SUMMARIES OF SELECTED CHAPTERS FROM ACTIVITY-BASED MANAGEMENT AND THE OPINIONS OF THE WRITER RELATIVE TO THEIR CONTENTS
ACTIVITY-BASED SYSTEMS: MEASURING THE COSTS OF RESOURCE USAGE
Activity-based cost (ABC) systems estimate the cost of the resources used in organizational processes to produce outputsùproducts or services. While attempts are made to interpret activity-based costs within the context of the traditional fixed versus variable cost framework, this approach is inconsistent with an ABC system’s measurements of resource usage costs. The fixed versus variable cost classification attempts to classify the likely change in spending or supply of a resource. Measurement of unused capacity through the application of the ABC model provides the critical link between the costs of resources used and the costs of resources supplied or available.
The ABC resource usage cost information can be used by managers to monitor and predict the changes in demands for activities as a function of changes in output volume and mix, process changes and improvements, introduction of new technology, and changes in product and process design. As changes are contemplated, managers can predict where either shortages or excesses of capacity will occur. Managers then can either modify their decisions so that activity demand will be brought into balance with activity supply, or they can change the level of activities to be supplied in future periods.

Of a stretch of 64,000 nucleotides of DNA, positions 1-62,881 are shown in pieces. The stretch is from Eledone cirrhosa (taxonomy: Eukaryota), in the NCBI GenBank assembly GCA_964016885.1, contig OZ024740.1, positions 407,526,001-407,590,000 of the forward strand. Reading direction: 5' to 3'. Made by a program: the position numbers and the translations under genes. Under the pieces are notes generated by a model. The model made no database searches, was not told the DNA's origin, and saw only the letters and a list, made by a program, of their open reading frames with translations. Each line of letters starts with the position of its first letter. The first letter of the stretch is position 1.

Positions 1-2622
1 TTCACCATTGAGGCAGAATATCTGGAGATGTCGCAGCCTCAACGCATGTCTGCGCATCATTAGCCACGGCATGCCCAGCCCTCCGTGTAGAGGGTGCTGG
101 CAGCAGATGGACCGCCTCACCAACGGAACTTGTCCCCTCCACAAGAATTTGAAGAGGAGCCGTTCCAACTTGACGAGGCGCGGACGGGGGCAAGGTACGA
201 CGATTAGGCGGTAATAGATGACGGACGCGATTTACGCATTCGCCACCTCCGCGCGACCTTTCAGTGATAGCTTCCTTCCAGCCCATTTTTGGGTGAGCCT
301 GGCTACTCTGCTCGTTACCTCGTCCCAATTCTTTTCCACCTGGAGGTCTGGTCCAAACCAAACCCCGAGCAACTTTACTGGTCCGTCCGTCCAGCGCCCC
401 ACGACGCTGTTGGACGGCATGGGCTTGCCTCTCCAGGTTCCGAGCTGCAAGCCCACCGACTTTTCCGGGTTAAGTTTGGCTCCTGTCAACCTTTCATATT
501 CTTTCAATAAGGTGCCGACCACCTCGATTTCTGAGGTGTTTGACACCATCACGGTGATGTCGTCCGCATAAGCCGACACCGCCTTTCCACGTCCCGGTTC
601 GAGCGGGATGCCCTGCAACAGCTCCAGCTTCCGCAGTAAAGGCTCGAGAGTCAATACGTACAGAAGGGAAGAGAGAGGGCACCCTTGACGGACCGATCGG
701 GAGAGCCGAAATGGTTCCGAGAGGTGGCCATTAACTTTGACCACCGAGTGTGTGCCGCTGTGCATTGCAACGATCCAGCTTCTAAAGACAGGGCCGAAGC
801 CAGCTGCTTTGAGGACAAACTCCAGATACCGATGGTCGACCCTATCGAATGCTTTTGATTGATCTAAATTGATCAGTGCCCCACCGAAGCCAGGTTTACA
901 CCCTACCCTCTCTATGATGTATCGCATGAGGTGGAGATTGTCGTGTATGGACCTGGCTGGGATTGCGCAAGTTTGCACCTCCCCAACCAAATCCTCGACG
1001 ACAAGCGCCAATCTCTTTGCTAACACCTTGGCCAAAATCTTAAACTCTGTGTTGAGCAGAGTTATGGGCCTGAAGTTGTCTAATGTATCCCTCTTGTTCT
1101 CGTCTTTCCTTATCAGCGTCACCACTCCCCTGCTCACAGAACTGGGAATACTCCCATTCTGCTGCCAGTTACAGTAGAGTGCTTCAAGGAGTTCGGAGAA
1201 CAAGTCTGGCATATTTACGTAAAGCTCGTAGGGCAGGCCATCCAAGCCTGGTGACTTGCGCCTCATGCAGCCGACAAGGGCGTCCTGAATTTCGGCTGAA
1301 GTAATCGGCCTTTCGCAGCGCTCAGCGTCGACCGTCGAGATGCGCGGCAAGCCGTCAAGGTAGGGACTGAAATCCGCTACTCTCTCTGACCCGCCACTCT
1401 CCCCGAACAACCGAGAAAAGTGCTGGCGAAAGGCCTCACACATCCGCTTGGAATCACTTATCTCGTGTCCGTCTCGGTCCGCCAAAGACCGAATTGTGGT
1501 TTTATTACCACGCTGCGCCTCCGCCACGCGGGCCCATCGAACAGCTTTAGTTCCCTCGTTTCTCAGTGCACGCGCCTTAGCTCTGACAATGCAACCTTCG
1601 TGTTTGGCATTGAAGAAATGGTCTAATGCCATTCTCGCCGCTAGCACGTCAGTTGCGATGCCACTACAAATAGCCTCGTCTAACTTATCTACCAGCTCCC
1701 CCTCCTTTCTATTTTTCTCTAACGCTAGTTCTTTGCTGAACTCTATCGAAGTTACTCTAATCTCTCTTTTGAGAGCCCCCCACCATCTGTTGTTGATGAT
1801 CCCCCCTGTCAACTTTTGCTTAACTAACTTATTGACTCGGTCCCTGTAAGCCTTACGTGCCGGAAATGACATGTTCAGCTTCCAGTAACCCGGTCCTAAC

Activity-based cost systems use separate activity cost drivers for each activity. Activity cost drivers are not devices to allocate costs. Rather, such cost drivers represent the demand that outputs make on each activity.
Because traditional cost systems use allocation bases that do not represent the demands for support resources by activities, the volume variance for a period can be zero even though substantial under or over capacity exists for many individual activities.
ABC systems a…